A letter sent by Dr Hedwig Leibetseder while imprisoned in Lichtenberg Concentration Camp, Wiener Holocaust Library Collections

Correspondence shows how families exchanged messages across borders, in the midst of destruction – and reveals how much they understood about the genocide unfolding

Etan Smallman

At first glance, the folded piece of paper crammed from margin to margin with immaculate black slanted handwriting looks like a love letter or an excited dispatch from a holiday. Two things give the darker truth away.

The red stamped letterhead makes clear the message, dated 22 December, 1938, hails from Konzentrationslager Lichtenburg – Lichtenburg concentration camp in eastern Germany. And the sign off contains an exhortation to Hedwig Leibetseder’s family to save themselves, which she hoped might elude the hurried eyes of any Nazi guard who examined the text before it reached its destination, looking to censor any message within: ‘Ilove you, kiss and hug you. Stay brave and healthy. Emigrate. And write’.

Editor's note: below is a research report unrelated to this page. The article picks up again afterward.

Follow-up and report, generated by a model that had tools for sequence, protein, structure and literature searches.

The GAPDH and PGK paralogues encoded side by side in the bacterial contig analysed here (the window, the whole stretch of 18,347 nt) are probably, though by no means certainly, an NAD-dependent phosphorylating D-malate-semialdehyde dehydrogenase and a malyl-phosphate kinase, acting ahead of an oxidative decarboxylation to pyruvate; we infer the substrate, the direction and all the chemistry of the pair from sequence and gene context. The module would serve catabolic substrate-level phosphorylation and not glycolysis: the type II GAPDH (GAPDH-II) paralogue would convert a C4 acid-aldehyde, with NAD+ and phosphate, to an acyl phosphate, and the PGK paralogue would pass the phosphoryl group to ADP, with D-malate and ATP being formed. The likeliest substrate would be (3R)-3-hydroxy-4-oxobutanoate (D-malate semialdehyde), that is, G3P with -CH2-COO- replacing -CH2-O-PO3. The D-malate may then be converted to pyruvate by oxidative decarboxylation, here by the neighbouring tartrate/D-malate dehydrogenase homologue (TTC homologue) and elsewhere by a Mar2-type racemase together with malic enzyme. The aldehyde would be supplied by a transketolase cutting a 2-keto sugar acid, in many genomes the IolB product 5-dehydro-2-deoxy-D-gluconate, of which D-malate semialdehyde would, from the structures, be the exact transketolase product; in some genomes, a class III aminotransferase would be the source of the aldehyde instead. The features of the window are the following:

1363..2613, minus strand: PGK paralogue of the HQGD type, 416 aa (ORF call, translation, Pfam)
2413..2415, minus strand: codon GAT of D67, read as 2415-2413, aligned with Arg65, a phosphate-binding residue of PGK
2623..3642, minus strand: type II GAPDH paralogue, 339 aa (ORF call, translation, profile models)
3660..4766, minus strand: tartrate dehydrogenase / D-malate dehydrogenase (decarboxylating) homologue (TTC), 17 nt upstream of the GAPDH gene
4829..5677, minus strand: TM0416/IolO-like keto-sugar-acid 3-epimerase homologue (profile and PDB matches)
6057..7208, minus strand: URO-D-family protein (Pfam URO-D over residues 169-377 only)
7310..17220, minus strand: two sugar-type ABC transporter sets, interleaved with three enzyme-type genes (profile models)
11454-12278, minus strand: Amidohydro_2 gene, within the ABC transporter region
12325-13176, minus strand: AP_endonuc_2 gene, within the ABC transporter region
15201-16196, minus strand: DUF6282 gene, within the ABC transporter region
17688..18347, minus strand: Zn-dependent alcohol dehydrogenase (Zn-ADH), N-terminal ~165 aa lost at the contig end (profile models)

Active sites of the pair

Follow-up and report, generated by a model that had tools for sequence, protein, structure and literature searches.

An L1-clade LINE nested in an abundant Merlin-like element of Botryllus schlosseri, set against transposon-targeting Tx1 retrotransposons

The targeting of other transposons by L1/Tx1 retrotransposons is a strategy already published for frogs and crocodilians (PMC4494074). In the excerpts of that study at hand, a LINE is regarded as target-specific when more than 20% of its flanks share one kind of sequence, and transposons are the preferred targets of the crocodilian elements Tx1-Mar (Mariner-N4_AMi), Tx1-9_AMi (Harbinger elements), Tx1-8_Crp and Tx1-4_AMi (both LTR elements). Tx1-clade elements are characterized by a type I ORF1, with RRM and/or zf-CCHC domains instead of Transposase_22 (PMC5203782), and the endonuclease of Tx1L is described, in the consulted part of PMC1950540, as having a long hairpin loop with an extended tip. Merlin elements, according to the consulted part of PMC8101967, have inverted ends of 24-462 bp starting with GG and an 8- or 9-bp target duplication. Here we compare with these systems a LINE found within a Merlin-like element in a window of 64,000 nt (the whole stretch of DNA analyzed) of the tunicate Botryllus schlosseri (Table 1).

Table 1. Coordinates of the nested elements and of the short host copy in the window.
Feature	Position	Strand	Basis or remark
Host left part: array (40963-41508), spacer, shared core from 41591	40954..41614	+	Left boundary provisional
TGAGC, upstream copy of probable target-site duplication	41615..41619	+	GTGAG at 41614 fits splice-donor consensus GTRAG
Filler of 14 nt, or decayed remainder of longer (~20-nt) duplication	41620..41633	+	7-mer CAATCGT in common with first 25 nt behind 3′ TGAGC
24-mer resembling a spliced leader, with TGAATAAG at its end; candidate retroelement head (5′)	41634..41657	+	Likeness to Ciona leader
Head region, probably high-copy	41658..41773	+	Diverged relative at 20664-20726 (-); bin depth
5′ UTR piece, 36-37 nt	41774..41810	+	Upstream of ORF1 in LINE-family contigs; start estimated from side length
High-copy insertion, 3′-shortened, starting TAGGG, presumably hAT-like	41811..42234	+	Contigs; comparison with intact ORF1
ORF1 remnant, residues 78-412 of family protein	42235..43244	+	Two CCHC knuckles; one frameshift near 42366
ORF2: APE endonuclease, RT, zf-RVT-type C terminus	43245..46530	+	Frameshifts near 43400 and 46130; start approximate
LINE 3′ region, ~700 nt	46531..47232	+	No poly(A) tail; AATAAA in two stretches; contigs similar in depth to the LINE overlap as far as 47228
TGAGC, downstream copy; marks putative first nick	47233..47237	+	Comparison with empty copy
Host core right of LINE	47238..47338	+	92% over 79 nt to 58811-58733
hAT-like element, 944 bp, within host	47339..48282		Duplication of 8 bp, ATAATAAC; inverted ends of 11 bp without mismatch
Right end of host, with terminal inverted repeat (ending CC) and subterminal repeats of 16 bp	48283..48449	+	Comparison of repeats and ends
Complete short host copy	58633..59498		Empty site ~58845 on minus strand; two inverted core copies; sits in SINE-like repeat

Dr Leibetseder, writing from inside the concentration camp, was right to be so cautious. Another of her notes indicates how closely they were being monitored – a surgical gap in the paper is where scissors excised a section lost to history, but which clearly gave too much away.

This letter is just one of the items in Holocaust Letters, a new exhibition at London’s Wiener Holocaust Library, which reveals how much Jews understood what was happening to them as the genocide unfolded in Nazi Germany. Their personal correspondence shows how they exchanged messages across borders, in defiance and in the midst of chaos and destruction.

The mail was a vital way for families to share their fragments of knowledge, to plead for help, and to urge each other not to lose hope.

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